This theory explains so many of the things weíve all noticed about Panda, how it works, itsí effects on Googleís results and our sites. Hereís a few......
Why canít they run Panda more regularly?
They need a monthís worth of user metrics to be able to make a judgement about your site.
How did I recover from Panda without changing anything?
Scrapers can hurt your exit rate. So can competitors. If you have content people have seen elsewhere it affects their perception of your site. If Google got rid of your scrapers, your user metrics would improve without doing anything. The user metrics of your site are affected by whatís happening on other sites so even a new competitor doing something similar to you can affect your user metrics.
Why are brands dominating the results?
Itís not brands that are dominating the results, itís websites people like and trust that are dominating. Not every brand will always be loved and trusted, and their user metrics will reflect those changes. But generally people trust what they know so sites people like (letís create a new term to replace brands Ė SPL, sites people like) can have bad pages but people wonít leave their site just because of it, so their user metrics are better. You could set up an identical site with your name at the top, the Ďqualityí of the content would be identical, but the user metrics would be much worse.
Why did Google suggest merging pages?
Iím guessing user metrics show that users donít like seeing several similar pages on your site, in the same way they donít like seeing similar content on numerous sites.
Do images or photos help improve quality?
Not necessarily. Every page on the web can produce a different response from users. The only way to know is to experiment, check your exit rates, repeat until exit rate is low.
Should I add more content to my site?
See ďDo images or photos help improve qualityĒ.
Can I escape Panda by improving my brand signals?
If you mean getting backlinks with your website name in them, no. That does not make you a brand. Google doesnít actually care if youíre a brand or not, it just knows that people react better to SPLís (sites people like). User metrics prove it.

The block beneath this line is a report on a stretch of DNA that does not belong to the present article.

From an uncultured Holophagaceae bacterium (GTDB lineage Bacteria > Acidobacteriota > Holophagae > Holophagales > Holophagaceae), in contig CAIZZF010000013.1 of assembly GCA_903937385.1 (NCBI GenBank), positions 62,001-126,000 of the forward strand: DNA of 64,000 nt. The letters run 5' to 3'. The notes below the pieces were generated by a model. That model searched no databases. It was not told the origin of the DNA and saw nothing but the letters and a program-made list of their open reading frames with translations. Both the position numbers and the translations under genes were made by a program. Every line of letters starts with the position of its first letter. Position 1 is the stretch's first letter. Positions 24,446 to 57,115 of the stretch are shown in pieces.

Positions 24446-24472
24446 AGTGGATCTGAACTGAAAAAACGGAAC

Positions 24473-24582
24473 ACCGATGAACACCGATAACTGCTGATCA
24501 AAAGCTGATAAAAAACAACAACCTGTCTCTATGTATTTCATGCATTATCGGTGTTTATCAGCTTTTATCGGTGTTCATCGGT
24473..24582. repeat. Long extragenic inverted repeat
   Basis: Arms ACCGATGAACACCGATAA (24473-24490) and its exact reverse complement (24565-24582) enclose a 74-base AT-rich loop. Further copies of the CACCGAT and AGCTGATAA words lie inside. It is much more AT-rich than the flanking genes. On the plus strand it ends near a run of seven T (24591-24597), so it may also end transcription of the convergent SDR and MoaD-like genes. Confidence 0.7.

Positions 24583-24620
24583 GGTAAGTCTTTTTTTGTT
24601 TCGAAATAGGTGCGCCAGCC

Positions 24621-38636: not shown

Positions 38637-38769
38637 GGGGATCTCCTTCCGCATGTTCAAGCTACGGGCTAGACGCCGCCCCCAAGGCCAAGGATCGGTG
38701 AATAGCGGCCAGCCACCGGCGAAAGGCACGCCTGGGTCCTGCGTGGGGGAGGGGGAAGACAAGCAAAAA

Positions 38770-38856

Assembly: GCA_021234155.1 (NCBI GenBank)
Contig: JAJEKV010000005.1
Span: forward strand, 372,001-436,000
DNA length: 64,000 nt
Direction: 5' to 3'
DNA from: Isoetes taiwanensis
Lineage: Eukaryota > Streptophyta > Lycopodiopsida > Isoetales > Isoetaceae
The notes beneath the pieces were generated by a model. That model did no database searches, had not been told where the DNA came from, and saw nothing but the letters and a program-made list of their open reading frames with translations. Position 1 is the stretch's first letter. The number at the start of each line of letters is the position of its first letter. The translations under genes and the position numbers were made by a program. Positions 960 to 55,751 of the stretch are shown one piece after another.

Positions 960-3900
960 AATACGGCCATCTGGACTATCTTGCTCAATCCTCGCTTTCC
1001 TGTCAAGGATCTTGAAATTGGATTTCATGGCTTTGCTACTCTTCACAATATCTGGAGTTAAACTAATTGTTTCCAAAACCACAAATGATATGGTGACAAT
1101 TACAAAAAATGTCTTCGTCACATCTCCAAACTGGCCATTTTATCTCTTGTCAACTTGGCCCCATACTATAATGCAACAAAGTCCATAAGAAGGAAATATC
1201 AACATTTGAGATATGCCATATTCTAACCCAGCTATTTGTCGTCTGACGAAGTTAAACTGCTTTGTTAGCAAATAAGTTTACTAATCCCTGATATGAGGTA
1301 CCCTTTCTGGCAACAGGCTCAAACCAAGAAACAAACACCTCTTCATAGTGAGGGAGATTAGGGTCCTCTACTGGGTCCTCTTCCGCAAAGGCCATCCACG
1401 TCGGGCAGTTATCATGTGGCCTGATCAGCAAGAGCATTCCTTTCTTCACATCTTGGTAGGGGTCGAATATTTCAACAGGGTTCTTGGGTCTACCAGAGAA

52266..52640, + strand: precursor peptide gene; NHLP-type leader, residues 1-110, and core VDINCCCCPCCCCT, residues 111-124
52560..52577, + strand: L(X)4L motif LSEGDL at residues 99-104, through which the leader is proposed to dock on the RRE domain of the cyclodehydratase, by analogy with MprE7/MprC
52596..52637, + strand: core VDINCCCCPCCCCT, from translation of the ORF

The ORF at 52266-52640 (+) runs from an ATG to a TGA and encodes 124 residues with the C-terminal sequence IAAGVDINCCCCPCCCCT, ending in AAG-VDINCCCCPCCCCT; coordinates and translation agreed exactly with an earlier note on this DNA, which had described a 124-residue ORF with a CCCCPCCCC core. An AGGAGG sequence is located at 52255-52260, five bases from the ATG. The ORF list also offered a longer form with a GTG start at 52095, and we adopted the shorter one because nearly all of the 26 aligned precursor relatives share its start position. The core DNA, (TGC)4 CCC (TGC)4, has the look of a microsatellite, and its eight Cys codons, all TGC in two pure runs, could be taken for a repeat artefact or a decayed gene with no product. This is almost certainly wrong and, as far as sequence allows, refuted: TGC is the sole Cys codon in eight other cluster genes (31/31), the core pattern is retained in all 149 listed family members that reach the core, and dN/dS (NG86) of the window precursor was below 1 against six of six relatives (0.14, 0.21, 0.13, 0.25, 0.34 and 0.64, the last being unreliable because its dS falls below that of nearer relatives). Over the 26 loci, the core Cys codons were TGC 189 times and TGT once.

Can I escape Panda by getting better quality links?
No. Users canít see your links, links make no difference to how users perceive your site alongside the rest of the web. In my experience, while demoted by Panda, links wonít get you anywhere. Once you get out of Panda though......well, hold onto your hat.
Why does moving content to subdomains work for some people?
If you correctly identify, fix or remove bad content from your site (using Exit Rate as a guide) you will be left with only good content. It doesnít matter how you do it, what matters is that you get your exit rates down.
Will no-indexing or blocking robots from pages of bad content help?
No. If a user can see it, Google has user metrics on it. This is not about googlebot, itís about your users.
I could go on, but you get the point. User metrics tell Google everything they need to know about how real human beings perceive your site in context with other sites they may have come across. It really is as simple and as complex as that.
What I donít know is where the threshold is and Iím guessing it may be different for different types of sites (information versus ecommerce for example) and there will be other factors combined with it but, put simply, I think Exit Rate is the place to start looking if you want to find and fix your bad content issues. It really opened my eyes. (Note: I think bounce rate impacts exit rate, I might be wrong on that Ė removing bounce rate from the Exit Rate calculation may give you a truer reflection on how people react with your content as they move around it).
I suspect that some sites may not able to get below it if they are basically set up with spammy intent (you see how effective this simple method is) but for many of us, understanding that exit rate tells you where you bad content may be, could be the answer to your prayers.
I hope Iím right, or at least on the right tracks. If I am, itís time to end the Panda woe and improve our website KNOWING what quality content really is. Maybe a discussion here will help test the theory and perhaps help us gain an even greater understanding.